Catalog Home Page

Application of poly(2-hydroxyethyl methacrylate) hydrogel disks for the immobilization of three different microalgal species

Eroglu, E., Wijihastuti, R.S., Grenik, E., Vadiveloo, A., Moheimani, N.R. and Lou, X.F. (2018) Application of poly(2-hydroxyethyl methacrylate) hydrogel disks for the immobilization of three different microalgal species. Journal of Chemical Technology & Biotechnology, In Press .

Link to Published Version: https://doi.org/10.1002/jctb.5642
*Subscription may be required

Abstract

BACKGROUND: Algal growth on solid surfaces confers the advantage of combining the algal harvesting and bioprocessing steps at a single stage, in addition to the easier handling of the immobilized cells that occupy a reduced amount of space. The current work employed the application of macroporous poly(2-hydroxyethyl methacrylate) (PHEMA) hydrogel disks as a water-insoluble, non-toxic and recyclable immobilization matrix for different microalgal strains (Nannochloropsis sp., Dunaliella salina, and Botryococcus braunii) that offer value-added products for various commercial applications.

RESULTS: The study demonstrated the effect of variations in the surface characteristics of the algal strains and hydrogel surfaces on the immobilization efficiencies. Gelatin was further used to modify PHEMA hydrogels to achieve higher bioaffinity and surface hydrophilicity. The results showed that highly salt-tolerant microalgal cells (Dunaliella salina, Nannochloropsis sp.) had significantly higher tendencies to attach on the gelatin-modified PHEMA hydrogel compared with the freshwater B. braunii colonies; embedded within an extracellular matrix mainly made of hydrophobic components, which displayed better attachment to the unmodified PHEMA hydrogels.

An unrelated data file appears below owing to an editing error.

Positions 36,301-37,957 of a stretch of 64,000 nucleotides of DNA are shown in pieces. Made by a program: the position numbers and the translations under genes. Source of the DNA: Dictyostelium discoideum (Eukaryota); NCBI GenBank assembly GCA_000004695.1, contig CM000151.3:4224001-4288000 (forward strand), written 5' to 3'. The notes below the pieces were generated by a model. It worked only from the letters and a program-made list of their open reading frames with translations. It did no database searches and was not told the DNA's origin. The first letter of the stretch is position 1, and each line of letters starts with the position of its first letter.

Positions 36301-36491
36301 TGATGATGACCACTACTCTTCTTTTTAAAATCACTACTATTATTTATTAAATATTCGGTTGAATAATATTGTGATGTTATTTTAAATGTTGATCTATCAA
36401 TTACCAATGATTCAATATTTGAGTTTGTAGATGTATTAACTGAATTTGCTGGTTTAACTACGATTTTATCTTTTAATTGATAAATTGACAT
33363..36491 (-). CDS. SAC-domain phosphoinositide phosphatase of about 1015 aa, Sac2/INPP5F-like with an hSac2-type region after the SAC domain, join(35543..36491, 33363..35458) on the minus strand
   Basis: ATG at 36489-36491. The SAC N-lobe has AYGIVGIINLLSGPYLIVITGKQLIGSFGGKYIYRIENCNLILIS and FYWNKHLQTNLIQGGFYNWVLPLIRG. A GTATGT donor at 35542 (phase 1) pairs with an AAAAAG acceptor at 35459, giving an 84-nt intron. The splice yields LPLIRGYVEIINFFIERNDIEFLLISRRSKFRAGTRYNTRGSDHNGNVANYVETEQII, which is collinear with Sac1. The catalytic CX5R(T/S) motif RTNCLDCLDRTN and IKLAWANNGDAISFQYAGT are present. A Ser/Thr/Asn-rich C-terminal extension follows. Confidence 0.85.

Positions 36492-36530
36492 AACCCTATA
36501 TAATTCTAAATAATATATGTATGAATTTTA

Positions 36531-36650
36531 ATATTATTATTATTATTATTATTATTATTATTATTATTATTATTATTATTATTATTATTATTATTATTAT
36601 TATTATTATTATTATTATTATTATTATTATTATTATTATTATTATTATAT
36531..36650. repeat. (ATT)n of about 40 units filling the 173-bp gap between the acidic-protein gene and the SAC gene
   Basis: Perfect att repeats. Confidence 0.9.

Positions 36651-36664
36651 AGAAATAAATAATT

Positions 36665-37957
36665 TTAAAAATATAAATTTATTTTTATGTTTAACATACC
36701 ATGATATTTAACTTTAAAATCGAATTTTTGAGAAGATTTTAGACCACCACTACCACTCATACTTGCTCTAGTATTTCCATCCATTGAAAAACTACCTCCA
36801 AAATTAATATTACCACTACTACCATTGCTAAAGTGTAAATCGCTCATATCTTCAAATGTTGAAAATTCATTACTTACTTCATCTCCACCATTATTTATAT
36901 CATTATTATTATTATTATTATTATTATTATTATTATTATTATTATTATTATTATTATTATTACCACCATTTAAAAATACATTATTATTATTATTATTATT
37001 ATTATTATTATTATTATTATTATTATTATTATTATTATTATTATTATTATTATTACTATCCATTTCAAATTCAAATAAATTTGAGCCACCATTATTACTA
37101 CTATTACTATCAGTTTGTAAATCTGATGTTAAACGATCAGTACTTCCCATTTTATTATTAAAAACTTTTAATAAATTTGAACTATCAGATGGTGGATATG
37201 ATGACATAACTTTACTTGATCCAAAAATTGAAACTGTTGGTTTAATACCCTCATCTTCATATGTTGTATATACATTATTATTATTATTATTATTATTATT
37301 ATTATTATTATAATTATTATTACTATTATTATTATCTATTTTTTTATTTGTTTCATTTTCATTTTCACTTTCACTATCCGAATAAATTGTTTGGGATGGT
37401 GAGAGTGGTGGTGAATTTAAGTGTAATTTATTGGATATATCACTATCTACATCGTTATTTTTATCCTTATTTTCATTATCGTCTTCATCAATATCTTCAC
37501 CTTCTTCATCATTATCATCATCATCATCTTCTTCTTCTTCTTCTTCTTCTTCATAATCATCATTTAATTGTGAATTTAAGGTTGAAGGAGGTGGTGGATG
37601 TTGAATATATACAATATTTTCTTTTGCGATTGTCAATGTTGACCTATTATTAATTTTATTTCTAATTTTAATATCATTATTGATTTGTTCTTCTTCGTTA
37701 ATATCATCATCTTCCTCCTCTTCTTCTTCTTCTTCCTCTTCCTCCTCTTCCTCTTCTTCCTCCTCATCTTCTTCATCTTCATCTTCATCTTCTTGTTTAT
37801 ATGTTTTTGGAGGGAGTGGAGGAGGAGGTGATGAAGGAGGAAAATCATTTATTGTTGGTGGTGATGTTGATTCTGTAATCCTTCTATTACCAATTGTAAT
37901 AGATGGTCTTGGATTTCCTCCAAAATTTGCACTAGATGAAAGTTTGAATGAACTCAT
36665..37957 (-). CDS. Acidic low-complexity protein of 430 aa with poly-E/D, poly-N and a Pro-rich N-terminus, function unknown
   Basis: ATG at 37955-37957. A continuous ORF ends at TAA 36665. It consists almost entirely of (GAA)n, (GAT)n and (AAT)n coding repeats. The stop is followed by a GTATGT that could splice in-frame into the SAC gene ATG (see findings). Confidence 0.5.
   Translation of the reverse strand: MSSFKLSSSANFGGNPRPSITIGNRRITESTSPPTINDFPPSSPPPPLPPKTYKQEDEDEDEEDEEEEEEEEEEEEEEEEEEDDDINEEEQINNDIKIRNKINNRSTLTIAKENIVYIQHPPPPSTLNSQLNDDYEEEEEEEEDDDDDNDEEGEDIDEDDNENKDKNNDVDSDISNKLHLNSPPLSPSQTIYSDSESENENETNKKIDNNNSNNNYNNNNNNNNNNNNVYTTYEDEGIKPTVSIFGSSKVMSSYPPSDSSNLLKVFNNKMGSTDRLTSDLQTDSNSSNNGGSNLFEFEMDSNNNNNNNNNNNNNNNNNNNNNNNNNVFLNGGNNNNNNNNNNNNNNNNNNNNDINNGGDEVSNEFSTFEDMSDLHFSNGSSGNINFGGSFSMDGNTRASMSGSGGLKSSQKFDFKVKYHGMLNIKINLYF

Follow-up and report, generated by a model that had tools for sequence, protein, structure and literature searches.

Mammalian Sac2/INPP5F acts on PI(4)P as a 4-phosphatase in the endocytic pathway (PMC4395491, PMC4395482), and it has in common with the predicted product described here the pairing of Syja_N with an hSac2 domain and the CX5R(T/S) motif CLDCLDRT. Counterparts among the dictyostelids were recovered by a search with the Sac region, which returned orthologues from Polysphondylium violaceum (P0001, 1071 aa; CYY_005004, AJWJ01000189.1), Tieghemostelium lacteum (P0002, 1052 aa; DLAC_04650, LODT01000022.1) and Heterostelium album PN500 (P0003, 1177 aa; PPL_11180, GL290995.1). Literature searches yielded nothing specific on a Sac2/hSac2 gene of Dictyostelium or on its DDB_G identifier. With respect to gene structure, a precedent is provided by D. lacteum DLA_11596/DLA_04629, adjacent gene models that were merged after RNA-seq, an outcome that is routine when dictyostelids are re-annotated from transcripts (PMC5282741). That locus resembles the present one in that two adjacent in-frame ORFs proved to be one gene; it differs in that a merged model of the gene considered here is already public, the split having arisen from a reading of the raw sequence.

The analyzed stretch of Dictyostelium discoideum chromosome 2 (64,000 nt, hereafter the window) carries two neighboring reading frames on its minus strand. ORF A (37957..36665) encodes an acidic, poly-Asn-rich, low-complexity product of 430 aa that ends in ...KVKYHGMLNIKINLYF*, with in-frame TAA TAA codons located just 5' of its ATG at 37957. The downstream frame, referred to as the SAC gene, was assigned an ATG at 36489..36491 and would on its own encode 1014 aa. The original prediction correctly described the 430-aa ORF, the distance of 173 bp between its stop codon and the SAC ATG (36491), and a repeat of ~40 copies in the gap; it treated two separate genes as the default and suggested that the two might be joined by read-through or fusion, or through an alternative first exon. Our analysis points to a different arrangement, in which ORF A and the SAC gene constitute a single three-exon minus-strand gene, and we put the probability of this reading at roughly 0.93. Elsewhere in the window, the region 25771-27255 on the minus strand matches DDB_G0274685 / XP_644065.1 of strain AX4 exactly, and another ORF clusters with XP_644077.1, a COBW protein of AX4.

CONCLUSION: The proposed PHEMA hydrogels are easily-manufactured and highly durable materials with the hydrogel disks still retaining their integrity after several years when in contact with a liquid. PHEMA disks also have the benefits of having adjustable porosities by changing the composition of the polymerization mixture, and modifiable surface properties by simply binding various synthetic or natural molecules on their surfaces, which can bring several new opportunities for harvesting various microalgal cells with different surface morphologies and chemical compositions.

Publication Type: Journal Article
Murdoch Affiliation: School of Veterinary and Life Sciences
Algae R&D Centre
Publisher: John Wiley and Sons Ltd
Copyright: © 2018 Society of Chemical Industry
URI: http://researchrepository.murdoch.edu.au/id/eprint/40967
Item Control Page Item Control Page